“I do not think anyone in Nigeria needs persuading of the need for urgent action on the environment. Desertification in the north, floods in ... the centre, pollution and erosion on the coast are enough evidence. For Nigeria, climate change is not about the perils of tomorrow, but what is happening today,” President Muhammadu Buhari said during the UN Climate Change Conference (COP26) in October. And today means Nigerians are finding it increasingly hard to afford basic food items.
Cellulant plans to start operations in Ethiopia early next year, initially in Addis Ababa with a view to wider expansion, Grover says from Nairobi. He took over as Cellulant CEO on 1 October after previously holding the job on an acting basis.
Ethiopia offers an “interesting mix” of opportunities in offline and small-business payments, Grover says. One aim is to provide in-store payment solutions for retailers. “The number of small merchants in Ethiopia is very large,” Grover says. “We want to focus on this part of the business.”
Competition in Africa’s payments industry has focused on online payments, leaving an attractive, underserved offline market, Grover argues.
Ethiopia’s levels of financial inclusion are among the lowest in the world. According to a paper from the Centre for Global Development (CGD) in Washington in July, the use of cash payments in Ethiopia is well above the sub-Saharan average. In 2019-2020, only 15.8% of the adult population had a mobile-money account, the CGD says.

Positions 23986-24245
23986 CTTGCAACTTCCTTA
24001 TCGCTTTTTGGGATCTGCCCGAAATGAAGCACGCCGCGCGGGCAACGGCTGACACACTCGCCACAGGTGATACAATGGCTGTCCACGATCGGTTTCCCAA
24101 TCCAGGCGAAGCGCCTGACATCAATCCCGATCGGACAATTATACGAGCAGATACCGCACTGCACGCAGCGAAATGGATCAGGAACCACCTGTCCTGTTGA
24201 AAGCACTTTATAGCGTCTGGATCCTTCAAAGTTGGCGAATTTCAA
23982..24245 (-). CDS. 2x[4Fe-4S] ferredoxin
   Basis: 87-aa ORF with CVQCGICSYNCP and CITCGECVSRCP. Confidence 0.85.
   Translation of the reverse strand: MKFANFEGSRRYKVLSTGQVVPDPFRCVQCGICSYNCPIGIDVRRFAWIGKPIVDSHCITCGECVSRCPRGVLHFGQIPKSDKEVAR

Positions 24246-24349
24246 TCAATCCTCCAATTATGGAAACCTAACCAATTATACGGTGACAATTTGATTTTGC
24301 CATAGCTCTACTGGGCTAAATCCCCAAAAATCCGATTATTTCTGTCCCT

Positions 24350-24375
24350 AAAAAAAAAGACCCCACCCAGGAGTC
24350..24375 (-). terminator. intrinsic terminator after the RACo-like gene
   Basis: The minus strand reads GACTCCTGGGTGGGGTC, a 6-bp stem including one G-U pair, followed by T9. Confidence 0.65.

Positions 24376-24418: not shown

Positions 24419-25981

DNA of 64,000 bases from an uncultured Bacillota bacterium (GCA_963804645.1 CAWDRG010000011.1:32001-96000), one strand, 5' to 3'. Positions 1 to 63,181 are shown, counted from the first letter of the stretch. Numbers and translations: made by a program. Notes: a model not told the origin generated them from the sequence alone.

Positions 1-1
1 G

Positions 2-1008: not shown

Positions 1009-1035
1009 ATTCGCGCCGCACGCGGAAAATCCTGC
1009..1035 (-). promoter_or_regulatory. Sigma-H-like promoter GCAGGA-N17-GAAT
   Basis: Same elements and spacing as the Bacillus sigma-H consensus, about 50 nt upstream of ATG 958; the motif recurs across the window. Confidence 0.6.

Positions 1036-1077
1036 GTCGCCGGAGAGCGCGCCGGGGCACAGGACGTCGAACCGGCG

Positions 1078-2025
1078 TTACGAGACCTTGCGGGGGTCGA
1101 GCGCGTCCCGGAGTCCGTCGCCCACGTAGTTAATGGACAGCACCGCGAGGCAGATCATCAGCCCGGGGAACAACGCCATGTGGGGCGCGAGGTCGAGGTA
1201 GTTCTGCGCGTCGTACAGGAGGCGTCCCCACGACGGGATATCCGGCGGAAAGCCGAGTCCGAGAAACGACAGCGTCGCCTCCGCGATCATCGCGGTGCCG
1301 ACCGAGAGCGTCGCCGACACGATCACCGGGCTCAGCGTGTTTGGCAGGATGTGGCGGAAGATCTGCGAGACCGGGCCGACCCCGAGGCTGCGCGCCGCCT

The dominance of public enterprises, Ethio Telecom and the Commercial Bank of Ethiopia, as well as high digital infrastructure costs, has kept the prices of digital payment services high, the CGD paper argues. Digital payments suffer from a “flawed market structure” partly because the government has “a marked interest in keeping control of the telecommunications sector for both economic and political reasons”.
“Unless these institutional binding constraints are removed, digital payment services in Ethiopia, and digital financial services more generally, will hit a very short ceiling,” the CGD says.
- Cellulant has rolled out its in-store payments solution in six of its African markets, Grover says.
- The company is in the process of meeting Ethiopian government requirements but does not need a specific license for entry, he adds.
- Small businesses will be able to onboard themselves online for Cellulant services.
- The company also plans to offer overseas remittance services in Ethiopia.
Cellulant, set up in 2004, operates an electronic-payments gateway via its app and website for individuals and businesses to process transactions. The company is still focusing on the digital side of its business. In Ghana, Cellulant wants to partner with the government, banks and insurers to enable digital payments for utility and other services.
In September, the company entered a five-year partnership with the Kenya Trade Network Agency, Ecobank and GAINDE 2000 to provide a payment solution for trade, revenue and tax collection for governments and multinationals.
In March, Grover said that Cellulant was likely to seek to raise about $150m in the first quarter of 2022 to fund its expansion. Those plans remain unchanged, he says.
Cellulant has a presence in 18 countries and services customers in 33. Entering Ethiopia is part of a broad expansion into eight new markets, also including Morocco, Egypt, South Africa, Senegal and the Democratic Republic of Congo.
Grover says Cellulant will seek to deepen its presence in its existing markets before expanding further. “We feel we’ve got our hands full.”
Cellulant is betting that in countries where digital payments remain underdeveloped, offline payments offer a faster route to growth.
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